Aggressive panhandlers are posing as monks in major cities.

How do you find a fake Buddhist monk, one might ask? Look for aggressive panhandlers with shaved heads and monk’s robes.

These fake monks have become a problem in major cities across the globe, reports the Lions Roar. And their hostility toward those who choose not to donate to the fabricated causes they advertise are threatening to ruin the very reputation they are using to trick people on the streets.

There may be no greater human image of kindness and peace than that of the Buddhist monk. The trust automatically given to them spreads this disturbing trend, to the point that Facebook pages like Fake Monks in New York City have been launched to protect unsuspecting citizens.

These phony monks (and their faux nun counterparts) have reportedly placed bracelets on tourists’ wrists, then aggressively blocked their paths in order to make them pay for it.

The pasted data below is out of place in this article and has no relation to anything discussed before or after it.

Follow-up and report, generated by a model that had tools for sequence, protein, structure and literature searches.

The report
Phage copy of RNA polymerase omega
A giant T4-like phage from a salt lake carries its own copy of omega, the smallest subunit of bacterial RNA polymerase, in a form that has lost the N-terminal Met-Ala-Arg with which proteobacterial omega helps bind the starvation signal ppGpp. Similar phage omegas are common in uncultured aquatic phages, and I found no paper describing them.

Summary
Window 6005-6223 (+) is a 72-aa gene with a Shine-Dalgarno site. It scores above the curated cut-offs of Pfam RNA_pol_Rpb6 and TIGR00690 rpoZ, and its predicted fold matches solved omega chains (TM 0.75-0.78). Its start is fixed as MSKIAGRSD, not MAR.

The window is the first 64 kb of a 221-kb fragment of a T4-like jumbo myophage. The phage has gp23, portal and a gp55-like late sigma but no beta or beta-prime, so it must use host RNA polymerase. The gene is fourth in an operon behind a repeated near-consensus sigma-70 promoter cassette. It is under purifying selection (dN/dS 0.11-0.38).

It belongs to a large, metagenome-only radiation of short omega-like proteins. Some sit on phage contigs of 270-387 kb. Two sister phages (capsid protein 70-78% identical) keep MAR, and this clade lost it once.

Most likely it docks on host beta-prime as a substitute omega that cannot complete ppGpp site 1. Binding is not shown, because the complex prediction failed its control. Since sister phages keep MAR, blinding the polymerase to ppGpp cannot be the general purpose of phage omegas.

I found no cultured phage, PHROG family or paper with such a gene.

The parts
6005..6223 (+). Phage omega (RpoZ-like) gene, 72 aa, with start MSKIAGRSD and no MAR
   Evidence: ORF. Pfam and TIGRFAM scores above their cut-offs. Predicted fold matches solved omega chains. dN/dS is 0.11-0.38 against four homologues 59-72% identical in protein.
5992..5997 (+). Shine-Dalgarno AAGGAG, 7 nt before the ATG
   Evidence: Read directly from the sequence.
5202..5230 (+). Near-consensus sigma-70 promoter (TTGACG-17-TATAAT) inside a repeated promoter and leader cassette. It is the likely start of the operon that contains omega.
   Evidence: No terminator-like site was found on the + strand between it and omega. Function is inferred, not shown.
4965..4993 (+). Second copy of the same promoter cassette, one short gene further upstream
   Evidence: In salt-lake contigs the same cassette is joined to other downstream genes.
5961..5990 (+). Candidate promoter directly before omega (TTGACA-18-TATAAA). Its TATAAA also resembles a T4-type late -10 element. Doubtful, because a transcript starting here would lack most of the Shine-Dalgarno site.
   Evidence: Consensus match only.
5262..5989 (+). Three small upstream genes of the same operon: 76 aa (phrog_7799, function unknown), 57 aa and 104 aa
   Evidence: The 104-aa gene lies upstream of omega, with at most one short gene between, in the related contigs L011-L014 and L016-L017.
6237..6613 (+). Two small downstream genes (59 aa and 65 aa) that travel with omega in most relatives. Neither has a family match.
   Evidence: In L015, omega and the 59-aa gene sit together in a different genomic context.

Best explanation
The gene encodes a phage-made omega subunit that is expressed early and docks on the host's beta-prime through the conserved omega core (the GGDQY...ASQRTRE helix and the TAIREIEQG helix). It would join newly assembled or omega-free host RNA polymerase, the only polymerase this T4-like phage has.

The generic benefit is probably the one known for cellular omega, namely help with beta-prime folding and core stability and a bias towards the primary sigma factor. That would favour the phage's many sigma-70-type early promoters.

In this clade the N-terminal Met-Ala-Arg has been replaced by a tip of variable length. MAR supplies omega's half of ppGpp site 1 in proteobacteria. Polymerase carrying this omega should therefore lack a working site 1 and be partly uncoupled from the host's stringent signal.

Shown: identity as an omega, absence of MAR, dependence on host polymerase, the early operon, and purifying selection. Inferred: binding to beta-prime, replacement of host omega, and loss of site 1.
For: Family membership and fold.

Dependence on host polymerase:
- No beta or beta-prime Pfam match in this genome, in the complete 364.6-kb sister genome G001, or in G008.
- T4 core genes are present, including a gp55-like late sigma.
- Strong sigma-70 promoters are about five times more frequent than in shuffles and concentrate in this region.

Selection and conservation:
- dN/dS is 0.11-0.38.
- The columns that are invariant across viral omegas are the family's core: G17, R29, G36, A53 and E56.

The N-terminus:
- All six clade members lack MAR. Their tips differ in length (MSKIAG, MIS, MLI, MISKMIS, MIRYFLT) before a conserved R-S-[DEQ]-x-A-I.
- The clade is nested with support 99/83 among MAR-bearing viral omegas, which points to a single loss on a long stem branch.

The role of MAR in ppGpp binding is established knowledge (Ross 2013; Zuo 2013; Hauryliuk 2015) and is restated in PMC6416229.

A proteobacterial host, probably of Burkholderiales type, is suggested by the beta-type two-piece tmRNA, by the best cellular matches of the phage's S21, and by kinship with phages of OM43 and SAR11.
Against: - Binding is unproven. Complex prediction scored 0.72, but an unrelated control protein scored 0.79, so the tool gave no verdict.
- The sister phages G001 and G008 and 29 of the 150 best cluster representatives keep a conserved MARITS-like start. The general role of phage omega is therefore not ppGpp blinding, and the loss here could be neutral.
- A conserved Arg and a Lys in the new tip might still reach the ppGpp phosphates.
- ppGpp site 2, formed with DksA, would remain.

The problem has gotten so bad near Chelsea that the Friends of the High Line park put out a statement both recognizing that panhandling is legal in NYC, but that “it crosses the line when our trusting park visitors are touched or their paths are blocked.”

Local and official Buddhist groups are speaking out against the actions of these men and women. Michelle Dunson of the Buddhist Council of New York noted that, “It is very disrespectful for any religion for anyone to falsify who they are, and especially if they’re trying to make a gain.”

San Francisco and other major U.S. cities are fighting the same problems that New York City is, as is Toronto.

By 2014, the problem of fake monks had become so prevalent in China that authorities there began issuing certificates of authenticity to its 33,000 Buddhist temples and over 9,000 Taoist temples.

Recently, authorities in New York started posting warning signs, hoping that this will scare the monks off. If it doesn’t, they say the might have to look into legal options. 

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